The Gibraltar Government has published the long-awaited text of a new tax regime designed to ensure the continued international competitiveness of Gibraltar’s finance centre.
The reforms also introduce tougher measures to ensure compliance and allow for lower personal taxation, but the key element of the new Income Tax Act is a reduction in company tax from 22% to 10% as from January, 2011.
The new framework replaces the tax exempt regime, which Gibraltar has phased out following pressure from the European Union.
In a briefing paper issued alongside the text of the Act, the government said that the new company tax rate had been set at a level that would generate that required by the public purse. It would also stimulate and sustain quality economic activity in a fiscal climate that is conventional in structure and content, but competitive in terms of taxation rates.
“Thousands of local jobs, much Government revenue and thus our public services, depend on Gibraltar having an internationally competitive tax system,” said Chief Minister Peter Caruana. “Many previously tax exempt banks, insurance, investment, gaming and other companies will begin to pay profit tax in Gibraltar for the first time on the same basis as all other companies.
These companies are vital to our economy and to the social prosperity of all of us in Gibraltar”.
The new Income Tax Act is the product of a year of intensive work by the government and a group of advisors drawn from the legal and accountancy communities. The government has now published the text of the legislation as well as a detailed briefing document, inviting any feedback by July 23. The Act is expected to be approved by Parliament in October.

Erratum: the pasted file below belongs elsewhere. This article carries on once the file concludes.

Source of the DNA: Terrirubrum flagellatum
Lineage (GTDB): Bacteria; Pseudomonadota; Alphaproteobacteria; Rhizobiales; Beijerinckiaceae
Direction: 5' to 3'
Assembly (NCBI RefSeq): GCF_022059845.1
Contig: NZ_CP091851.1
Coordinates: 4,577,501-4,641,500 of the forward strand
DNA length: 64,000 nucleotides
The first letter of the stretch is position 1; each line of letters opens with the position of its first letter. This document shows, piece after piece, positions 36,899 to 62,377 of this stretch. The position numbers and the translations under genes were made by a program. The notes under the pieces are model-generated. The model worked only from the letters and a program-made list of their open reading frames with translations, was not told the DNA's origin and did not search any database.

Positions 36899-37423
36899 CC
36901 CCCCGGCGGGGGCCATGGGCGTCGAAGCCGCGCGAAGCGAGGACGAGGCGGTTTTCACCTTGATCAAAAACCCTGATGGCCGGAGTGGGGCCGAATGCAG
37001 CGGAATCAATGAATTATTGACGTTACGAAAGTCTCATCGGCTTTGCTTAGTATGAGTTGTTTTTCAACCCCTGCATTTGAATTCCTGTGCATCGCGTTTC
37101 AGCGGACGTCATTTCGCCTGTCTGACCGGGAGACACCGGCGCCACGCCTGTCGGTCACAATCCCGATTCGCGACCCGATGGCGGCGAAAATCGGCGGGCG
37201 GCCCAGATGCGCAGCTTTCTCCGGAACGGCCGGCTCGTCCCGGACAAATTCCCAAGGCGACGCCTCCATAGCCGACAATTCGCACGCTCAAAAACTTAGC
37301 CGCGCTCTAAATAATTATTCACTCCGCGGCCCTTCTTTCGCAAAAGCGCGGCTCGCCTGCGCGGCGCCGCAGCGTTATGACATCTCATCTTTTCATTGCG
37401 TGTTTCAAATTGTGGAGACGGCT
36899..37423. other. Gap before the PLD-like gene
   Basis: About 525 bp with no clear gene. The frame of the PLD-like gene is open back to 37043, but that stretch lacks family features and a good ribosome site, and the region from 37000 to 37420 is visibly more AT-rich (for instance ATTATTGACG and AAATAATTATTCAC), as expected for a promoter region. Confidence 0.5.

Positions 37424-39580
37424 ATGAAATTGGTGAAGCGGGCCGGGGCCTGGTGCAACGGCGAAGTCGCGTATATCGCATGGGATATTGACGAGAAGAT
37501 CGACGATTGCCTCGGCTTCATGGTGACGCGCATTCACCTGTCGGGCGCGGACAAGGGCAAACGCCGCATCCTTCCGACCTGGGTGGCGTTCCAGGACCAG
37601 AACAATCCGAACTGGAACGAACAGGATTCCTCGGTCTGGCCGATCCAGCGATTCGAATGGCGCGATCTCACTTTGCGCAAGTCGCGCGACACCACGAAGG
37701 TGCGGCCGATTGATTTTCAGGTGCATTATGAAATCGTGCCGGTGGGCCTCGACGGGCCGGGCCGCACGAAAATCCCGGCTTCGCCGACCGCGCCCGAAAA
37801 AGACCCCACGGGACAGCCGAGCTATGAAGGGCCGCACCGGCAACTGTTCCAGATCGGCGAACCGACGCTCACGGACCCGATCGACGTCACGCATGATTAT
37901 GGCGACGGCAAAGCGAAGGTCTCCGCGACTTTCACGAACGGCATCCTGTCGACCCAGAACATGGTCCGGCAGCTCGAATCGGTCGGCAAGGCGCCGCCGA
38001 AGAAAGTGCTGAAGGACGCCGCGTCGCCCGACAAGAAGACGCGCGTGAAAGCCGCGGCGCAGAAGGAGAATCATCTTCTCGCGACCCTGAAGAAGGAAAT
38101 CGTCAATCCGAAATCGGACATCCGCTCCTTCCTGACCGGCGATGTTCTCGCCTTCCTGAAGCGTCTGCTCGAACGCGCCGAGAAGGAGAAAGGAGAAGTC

The new legislation ends all distinction between ‘onshore’ and ‘offshore’ business. Together with the tax information exchange agreements being entered into by the government – coupled to Gibraltar’s full integration in the EU and compliance with EU financial services regulation, money laundering and co-operation rules – the new Tax Act completes Gibraltar’s 14-year transition from ‘tax haven’ to mainstream European financial services centre.
The lower rates of taxation are accompanied by an improved culture of compliance and also by strong anti-avoidance provisions to ensure that all chargeable economic activity is effectively captured, thus producing the intended revenue yield to the government.Compliance is essential in order to ensure the success of the low company taxes, as well as the further lowering of personal taxes. The new Act therefore introduces tough anti-avoidance measures and default financial and legal penalties to help ensure that all pay the taxes that are due.
The legislation also introduces severe criminal consequences, as well as personal liability, for directors and managers of companies that withhold tax from workers’ pay and then fail to pay it over to the government promptly.
To level the playing field between PAYE payers on the one hand and companies and self employed people on the other, the latter will, in future, have to pay tax during the tax year on account of that year’s tax bill. The legislation also introduces a system of self assessment and
hefty financial penalties for defaulting on payment or returns.
“Tax is very important, but Gibraltar is more than about just tax: it is also about political and economic stability, good regulation and high standards and a safe business environment, high quality of personal lifestyle, good professional services and communications, and availability of well educated staff,”
Mr Caruana said.“The climate of compliance sought to be created by the new Act is also intended to enable the government to continue and proceed further with its long established programme of tax cutting for individuals as well.
Low tax must come hand in hand with an end to our historically benign tax administration and enforcement system.